A light-year is an astronomical unit of distance equal to 9.5 trillion kilometers (5.9 trillion miles), defined as the distance light travels in an Earth year.

The universe is big and the distances between the objects in it can be surprisingly large too. A light-year is defined as the distance light can travel in one Earth year. It can be calculated by multiplying the speed of light (3 x 108 m/s or 300,000,000 m/s) by the length of a year (365.25 days or 3.15 x 107 seconds). Light years to meters: 9.45 x 1015 m, or 9.45 trillion kilometers!

An advantage to using the light-year as a unit of distance is that it makes us realise that light doesn’t move instantaneously. If a galaxy is a million light-years away, it means that the light has taken a million years to reach Earth. This means that when we observe a galaxy that is a million light years away, we are actually looking at the galaxy a million years ago.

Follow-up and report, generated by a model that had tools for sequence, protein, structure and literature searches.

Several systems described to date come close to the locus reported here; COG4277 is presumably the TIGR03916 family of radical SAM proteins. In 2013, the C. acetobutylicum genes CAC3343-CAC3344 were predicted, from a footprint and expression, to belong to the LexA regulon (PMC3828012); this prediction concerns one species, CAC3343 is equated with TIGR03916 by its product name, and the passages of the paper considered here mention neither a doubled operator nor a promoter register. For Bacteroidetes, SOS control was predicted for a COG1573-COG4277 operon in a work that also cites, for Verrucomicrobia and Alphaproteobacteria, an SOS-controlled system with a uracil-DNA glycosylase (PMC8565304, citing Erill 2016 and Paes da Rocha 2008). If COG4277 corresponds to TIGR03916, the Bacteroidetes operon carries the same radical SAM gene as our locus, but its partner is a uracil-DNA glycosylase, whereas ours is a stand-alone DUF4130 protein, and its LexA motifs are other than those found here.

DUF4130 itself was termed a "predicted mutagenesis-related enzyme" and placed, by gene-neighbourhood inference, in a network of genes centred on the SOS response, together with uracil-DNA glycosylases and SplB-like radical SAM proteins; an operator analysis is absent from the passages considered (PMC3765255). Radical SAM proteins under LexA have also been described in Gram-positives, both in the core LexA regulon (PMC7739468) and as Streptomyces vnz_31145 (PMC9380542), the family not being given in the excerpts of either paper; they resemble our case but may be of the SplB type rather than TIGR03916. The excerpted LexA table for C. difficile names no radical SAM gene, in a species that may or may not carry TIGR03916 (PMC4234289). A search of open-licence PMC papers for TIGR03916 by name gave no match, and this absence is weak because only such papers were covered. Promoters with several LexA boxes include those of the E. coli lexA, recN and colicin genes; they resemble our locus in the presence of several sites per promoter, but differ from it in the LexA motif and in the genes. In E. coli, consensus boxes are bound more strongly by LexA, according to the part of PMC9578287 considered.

For distances within a star system, the light-year is normally too big a distance to use. For example, the distance from the Sun to Earth is 0.00000156 light-years. The unit is mostly suited to intergalactic distances. Astronomers prefer to use the astronomical distance unit the parsec, but the light-year has survived as a popular unit. The term 'light-year' has been mentioned in many popular science fiction works, such as Star Trek.

This term is often confused as a unit of time because it includes the word 'year'. Sometimes people will write things like “technology is light-years ahead”; this can add to confusion about the term. A light-year is a unit of distance, like miles or kilometers—only on a much larger scale.

Distance to Astronomical Objects

  • Alpha Centauri: 4.4 light-years
  • Andromeda Galaxy: 2.5 million light-years
  • The Moon: 40.4 x 10-9 light-years
  • The Center of the Milky Way: 26 million light-years

Other Astronomical Units of Distance

  • astronomical unit (AU), the distance from sun to Earth - 150 million km
  • parsec, the parallax of one arcsecond - 31 trillion km
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